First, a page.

By: Maayan S. Heller for Uterus1
Since the Ortho Evra contraceptive patch was introduced to the market, many women have praised the breakthrough in convenience that allows them to forgo their daily pill. In the past few months, however, other women have been placing frantic calls to their doctors. In November, the FDA announced new labeling for the patch – the first and only one of its kind – warning that it exposes women to higher levels of estrogen than other birth controls, which may increase the risk for blood clots.
| The risk of blood clotting, in perspective:|
For a normal, healthy, young woman, not on the patch or pill – the risk of clotting events is 4 or 5 out of 100,000 women
For a normal, healthy young woman on the pill - the risk increases 3-4 fold, to 15 out of 100,000 women
For a pregnant woman, the risk increases 12-fold, to 60 out of 100,000 women
Women who should NOT be on the patch include the following:
Anyone with strong personal or family history of clotting
Anyone who smokes and who is over 35 years old (this increases the risk of heart attack)
Anyone with a known cancer that’s estrogen-dependent (like breast or uterine cancer)
Anyone with gallbladder disease
Anyone with classic migraine headaches
Women over 198 lbs.(90 Kg)
A lawsuit filed last summer by 10 women in New Jersey against the companies that manufacture Ortho Evra alleged the patch is unreasonably dangerous and caused them to suffer strokes and blood clots. According to the FDA’s Web site, “the addition of this new warning [to the Ortho Evra label] is a result of … analysis directly comparing the levels for estrogen and progestin hormones in users of Ortho Evra with those in a typical birth control pill.”
Though the new label raises questions, it hasn’t been shown whether women using it have a higher risk of serious side effects than those taking typical birth control pills. Some doctors guess the lawsuit pushed the FDA to amend the patch’s label, but emphasize that the risk itself didn’t change, just explanations on the packaging.
Since its introduction in 2002, about four million women have used Ortho Evra, a weekly prescription patch that releases estrogen and progestin hormones into the bloodstream through the skin. Because it’s applied only once a week, the chance a woman might miss one or more doses, which often occurs with the pill, goes down.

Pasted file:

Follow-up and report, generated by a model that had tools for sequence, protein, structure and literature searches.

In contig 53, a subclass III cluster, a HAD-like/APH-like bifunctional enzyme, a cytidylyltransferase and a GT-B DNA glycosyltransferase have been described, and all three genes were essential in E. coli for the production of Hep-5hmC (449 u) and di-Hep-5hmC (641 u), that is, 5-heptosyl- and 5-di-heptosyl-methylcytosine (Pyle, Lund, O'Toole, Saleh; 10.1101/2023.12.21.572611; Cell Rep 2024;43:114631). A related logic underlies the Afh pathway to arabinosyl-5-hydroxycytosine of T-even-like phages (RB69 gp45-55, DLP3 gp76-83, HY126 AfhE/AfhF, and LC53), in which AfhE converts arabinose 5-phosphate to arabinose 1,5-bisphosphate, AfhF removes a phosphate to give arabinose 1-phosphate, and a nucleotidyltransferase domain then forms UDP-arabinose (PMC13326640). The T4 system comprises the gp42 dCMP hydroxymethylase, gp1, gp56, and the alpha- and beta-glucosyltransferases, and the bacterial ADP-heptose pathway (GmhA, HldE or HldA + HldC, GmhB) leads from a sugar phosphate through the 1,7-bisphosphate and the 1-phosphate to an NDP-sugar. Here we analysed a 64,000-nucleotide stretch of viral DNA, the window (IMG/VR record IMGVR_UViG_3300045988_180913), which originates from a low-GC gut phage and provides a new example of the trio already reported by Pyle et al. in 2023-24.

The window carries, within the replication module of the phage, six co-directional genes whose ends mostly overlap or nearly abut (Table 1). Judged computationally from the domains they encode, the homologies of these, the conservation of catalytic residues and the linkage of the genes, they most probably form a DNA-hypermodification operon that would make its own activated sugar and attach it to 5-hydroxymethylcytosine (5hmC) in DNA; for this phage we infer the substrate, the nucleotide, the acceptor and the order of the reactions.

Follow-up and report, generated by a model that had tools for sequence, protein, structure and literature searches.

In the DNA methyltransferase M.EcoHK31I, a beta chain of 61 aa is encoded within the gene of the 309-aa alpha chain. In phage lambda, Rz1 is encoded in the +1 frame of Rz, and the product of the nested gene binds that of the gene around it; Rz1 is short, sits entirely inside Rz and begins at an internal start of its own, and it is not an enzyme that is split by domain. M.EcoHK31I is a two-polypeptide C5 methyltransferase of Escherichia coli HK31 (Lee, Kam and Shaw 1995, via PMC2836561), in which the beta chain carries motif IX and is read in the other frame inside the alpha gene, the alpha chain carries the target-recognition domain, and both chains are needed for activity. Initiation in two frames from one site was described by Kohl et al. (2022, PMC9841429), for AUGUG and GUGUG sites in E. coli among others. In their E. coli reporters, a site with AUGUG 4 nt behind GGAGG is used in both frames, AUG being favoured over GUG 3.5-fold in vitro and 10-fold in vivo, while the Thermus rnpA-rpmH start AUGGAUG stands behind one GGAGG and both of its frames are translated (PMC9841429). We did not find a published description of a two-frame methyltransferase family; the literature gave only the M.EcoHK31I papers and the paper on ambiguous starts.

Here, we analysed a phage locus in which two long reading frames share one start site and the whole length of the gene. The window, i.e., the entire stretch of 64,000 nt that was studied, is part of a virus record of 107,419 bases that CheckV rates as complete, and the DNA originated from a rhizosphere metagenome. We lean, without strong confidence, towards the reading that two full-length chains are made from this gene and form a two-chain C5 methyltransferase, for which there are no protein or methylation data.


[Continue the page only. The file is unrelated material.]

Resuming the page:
“If I have a patient who knows she’ll have trouble taking a daily pill, the patch is a good option,” says Maura Quinlan, MD, assistant professor of OB/GYN at the University of Chicago.
The trade-off, as the FDA notes, is an increase in the amount of estrogen absorbed. The patch may expose women to approximately 60% more estrogen than the typical 35 microgram pill. However, this higher percentage is somewhat deceptive. Because the total amount of estrogen delivered is higher, the maximal (peak) blood level of estrogen is about 25% lower with Ortho Evra than with most birth control pills.
“The difference with the patch is, you put it on and within the first 24-48 hours the estrogen levels reach a plateau, and they’ll stay there – at a steady level – for the week. With the pill, it’s a level that rises and falls day by day,” explains Radha Reddy, MD, an OB/GYN in Cincinnati, Ohio.
No one knows the consequences of increased estrogen levels in this form since there is neither long-term experience with the patch nor any conclusive scientific study.
According to doctors, blood clots are a risk with any estrogen increase, including using the patch and pill, and with pregnancy.
“In terms of the dangers of blood clots, it’s actually much riskier to be pregnant than to take any form of contraception,” says Dr. Quinlan, “so in the balance of risks, the patch is safer than unwanted pregnancy.”
Furthermore, Erika Schwartz, MD, a physician, author and women’s health advocate in New York City, stresses that any estrogen-containing birth control raises the possibility of clotting, among other risks. “Synthetic estrogens like the ones in birth control pills, patches, rings, etc. are substances that override the woman's hormone production system and open the door for potentially lethal problems,” she says, and suggests birth control alternatives without hormones, like diaphragms or condoms.
Even the FDA emphasizes that “it is not known whether women using Ortho Evra are at a greater risk.” Its Web site states that studies are currently being conducted comparing the risks with Ortho Evra to those with typical birth control pills.
In the meantime, Dr. Reddy has had many patients call her, worried and panicked, after learning about the labeling. She says the problem is “that the whole story isn’t – and wasn’t – available.” She still prescribes the patch, and emphasizes that it’s crucial “to put the risk of [clotting] in perspective.”
“The truth is, nobody’s 100 percent safe,” she says. “There’s no absolute with birth control. Women need to know their bodies, their abilities to manage their care, and their personal and family medical histories and be open to discussing these and the risks of birth control with their doctors.”